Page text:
Troubled VMWare's Lowest Close Ever

by: Eric Savitz

Investors continued to shed VMware (NYSE:VMW) shares today in the wake of yesterday’s firing of CEO Diane Greene and a reduction in the company’s 2008 outlook.

The company, which went public August 13, 2007, at $29 a share, immediately went soaring higher, trading as high as $125.25 on an intra-day basis last Halloween. At the time, the perception was that the company had essentially no competition in the burgeoning market for server virtualization software; Microsoft (NASDAQ:MSFT) has since made an aggressive move into the market, as did Citrix Systems (NASDAQ:CTXS).

Several analysts this morning actually asserted that replacing Greene with former Microsoft exec Paul Maritz should be considered a positive development for the company. “It was not a completely unexpected move,” writes Citigroup’s Brent Thill. “We believe Greene did an admirable job taking the company from zero to over $1.3 billion in 2007 revenue, but a different leader seems needed for the next leg in VMW’s story.” EMC CEO Joe Tucci told the Wall Street Journal that Greene lacked the experience to run a company that this year will have close to $2 billion in revenue.

At the, Ashlee Vance theorizes that this was a case of Tucci simply disliking Greene personally. “We suspect that Tucci became less enamored with Greene’s style as VMware’s fortunes rose,” he writes. “He would have very little leverage over the firebrand in Palo Alto. She was responsible for making him look good. She wanted too much control of this VMware gem. She caused too many headaches. People kept thinking maybe she should have the EMC CEO post. Ultimately, she had to go.”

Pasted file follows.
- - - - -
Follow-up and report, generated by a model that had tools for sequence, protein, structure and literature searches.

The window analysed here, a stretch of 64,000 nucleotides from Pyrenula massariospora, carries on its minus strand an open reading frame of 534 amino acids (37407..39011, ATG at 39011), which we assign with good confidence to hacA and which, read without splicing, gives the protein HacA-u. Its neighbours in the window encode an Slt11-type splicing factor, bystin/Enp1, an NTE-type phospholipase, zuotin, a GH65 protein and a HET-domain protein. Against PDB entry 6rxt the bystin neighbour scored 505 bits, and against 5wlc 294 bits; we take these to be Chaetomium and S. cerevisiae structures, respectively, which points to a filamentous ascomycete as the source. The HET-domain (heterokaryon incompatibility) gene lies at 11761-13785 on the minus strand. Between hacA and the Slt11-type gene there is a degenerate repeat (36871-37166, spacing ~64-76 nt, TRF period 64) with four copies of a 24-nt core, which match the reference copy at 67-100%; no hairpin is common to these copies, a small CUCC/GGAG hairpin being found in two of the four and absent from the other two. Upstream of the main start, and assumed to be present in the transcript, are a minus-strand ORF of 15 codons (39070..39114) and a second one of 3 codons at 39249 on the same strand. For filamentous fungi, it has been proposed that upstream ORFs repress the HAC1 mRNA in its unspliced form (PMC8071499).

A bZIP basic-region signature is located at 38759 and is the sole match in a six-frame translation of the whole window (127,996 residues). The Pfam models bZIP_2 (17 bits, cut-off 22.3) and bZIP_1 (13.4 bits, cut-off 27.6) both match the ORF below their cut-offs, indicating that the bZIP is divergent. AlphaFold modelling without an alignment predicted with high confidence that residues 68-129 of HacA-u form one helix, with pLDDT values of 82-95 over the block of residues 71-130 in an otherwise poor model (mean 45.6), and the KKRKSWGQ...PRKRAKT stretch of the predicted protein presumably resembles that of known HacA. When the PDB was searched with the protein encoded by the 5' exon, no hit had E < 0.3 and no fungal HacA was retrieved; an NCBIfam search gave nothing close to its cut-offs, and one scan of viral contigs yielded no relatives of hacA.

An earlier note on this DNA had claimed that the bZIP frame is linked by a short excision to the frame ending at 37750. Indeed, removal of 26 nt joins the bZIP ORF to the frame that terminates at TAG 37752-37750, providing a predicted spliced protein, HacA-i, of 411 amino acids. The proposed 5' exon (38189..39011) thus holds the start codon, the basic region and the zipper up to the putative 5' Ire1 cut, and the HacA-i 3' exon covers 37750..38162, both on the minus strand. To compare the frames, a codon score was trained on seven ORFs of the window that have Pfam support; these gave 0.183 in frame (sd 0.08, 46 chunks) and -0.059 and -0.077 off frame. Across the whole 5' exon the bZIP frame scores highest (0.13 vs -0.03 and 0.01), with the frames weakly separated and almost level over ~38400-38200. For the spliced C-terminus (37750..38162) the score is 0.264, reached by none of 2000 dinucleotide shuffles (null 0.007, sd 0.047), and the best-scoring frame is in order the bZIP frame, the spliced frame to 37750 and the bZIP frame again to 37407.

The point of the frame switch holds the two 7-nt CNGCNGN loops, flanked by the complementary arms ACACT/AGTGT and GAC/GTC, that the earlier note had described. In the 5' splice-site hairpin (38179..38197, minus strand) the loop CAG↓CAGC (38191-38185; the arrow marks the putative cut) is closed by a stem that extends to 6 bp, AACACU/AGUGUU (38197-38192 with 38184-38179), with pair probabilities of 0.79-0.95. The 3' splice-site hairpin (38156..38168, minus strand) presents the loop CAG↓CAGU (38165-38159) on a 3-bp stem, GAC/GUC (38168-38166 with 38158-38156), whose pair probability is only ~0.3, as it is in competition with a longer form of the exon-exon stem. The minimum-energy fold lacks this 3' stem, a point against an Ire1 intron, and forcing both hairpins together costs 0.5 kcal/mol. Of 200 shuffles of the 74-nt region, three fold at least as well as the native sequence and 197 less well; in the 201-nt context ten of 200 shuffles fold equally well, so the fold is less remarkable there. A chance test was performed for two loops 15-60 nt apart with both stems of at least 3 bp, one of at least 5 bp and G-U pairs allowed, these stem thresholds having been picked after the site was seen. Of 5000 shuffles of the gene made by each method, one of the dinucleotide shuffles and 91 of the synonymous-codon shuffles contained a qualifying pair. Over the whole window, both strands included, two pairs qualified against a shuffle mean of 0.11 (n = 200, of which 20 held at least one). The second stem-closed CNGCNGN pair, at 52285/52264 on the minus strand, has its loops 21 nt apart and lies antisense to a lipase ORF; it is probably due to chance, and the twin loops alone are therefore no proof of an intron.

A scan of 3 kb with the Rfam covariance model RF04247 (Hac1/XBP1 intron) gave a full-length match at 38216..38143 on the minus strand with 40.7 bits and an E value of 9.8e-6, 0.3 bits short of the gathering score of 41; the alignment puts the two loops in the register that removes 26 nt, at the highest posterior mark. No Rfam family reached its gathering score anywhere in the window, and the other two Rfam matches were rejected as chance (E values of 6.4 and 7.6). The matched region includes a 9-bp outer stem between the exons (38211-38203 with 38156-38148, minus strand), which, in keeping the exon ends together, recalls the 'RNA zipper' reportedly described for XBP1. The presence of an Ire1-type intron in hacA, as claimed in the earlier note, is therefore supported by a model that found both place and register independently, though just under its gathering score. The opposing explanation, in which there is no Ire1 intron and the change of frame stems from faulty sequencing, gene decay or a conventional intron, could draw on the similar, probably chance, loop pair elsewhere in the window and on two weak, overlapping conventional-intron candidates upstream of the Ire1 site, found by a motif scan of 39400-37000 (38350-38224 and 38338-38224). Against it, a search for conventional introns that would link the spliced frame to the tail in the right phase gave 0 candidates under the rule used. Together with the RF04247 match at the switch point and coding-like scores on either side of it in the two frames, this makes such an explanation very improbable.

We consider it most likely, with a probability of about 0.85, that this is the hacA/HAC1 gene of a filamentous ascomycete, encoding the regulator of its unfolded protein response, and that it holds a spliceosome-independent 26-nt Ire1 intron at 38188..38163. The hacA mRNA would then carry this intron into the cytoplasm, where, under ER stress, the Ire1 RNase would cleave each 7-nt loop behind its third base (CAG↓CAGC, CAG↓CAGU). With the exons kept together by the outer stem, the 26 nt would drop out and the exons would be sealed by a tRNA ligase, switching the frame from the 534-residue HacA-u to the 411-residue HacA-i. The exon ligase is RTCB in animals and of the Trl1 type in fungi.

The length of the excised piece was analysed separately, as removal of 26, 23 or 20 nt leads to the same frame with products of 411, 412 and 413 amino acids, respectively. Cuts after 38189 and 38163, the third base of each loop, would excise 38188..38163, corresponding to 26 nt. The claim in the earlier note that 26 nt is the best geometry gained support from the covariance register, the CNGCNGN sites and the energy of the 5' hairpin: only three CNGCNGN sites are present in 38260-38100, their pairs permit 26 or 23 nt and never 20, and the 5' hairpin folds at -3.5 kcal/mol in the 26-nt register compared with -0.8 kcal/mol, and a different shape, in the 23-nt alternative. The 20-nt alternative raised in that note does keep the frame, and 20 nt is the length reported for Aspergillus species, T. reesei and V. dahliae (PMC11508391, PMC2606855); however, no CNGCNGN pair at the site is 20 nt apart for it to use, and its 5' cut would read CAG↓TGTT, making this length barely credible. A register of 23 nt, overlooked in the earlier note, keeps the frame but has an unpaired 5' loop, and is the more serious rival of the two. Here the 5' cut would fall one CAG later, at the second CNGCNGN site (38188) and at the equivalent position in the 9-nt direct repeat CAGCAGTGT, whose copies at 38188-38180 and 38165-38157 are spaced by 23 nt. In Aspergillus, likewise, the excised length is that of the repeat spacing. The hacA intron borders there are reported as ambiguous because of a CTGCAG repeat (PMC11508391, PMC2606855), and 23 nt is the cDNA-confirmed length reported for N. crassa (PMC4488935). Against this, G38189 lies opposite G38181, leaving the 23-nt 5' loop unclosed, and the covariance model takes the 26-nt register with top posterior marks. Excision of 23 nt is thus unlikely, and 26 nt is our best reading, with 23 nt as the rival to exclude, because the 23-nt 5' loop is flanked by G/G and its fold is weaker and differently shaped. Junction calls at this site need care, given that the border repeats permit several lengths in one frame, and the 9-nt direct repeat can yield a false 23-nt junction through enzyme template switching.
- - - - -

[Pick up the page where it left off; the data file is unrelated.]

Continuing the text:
All across the Street, analysts slashed estimates on the company. Lehman’s Israel Hernandez, for instance, dropped his target on the stock to $41, from $75, and gave four reasons for caution on the stock, even at the newly reduced share price: Guidance may be too high given macro weakness; building competitive pressures; additional senior management changes; the impact on employee morale from founder Greene’s departure.

Citi’s Thill, who maintains a Buy rating on the stock, nonetheless cut his target to $52 from $80, and noted that the reduced guidance for 2008 reflects “macro issues which are elongating sales cycles and causing customers to break deals into smaller pieces.” He adds, though, that “the decision to lower guidance may have also been driven by a desire to reset the bar for a new CEO.”

Another key takeaway from the management change is that it appears to make it less likely that EMC Corp. (EMC) will spin off its 86% stake in the company; that no doubt will be disappointing to some EMC holders, who see a spin-off as a way to increase shareholder value. On the other hand, RBC Capital’s Thomas Curlin contends that the issue is not whether EMC wants to spin out its VMW stake, but rather “what they will be forced to do by shareholders” if EMC shares continue to trade in the mid-to-low teens. An alternative for EMC, he says, would be to sell all of VMware to a strategic buyer. “This is a reasonable scenario to consider,” he says, “as we believe an independent VMware will immediately become a strategic target.”

VMware today fell $2.48, or 6.2%, to $37.71, the stock’s lowest closing level as a public company. EMC shares fell 29 cents, or 2.2%, to $13.10. EMC shares have dropped 31% since it took VMW public last summer.

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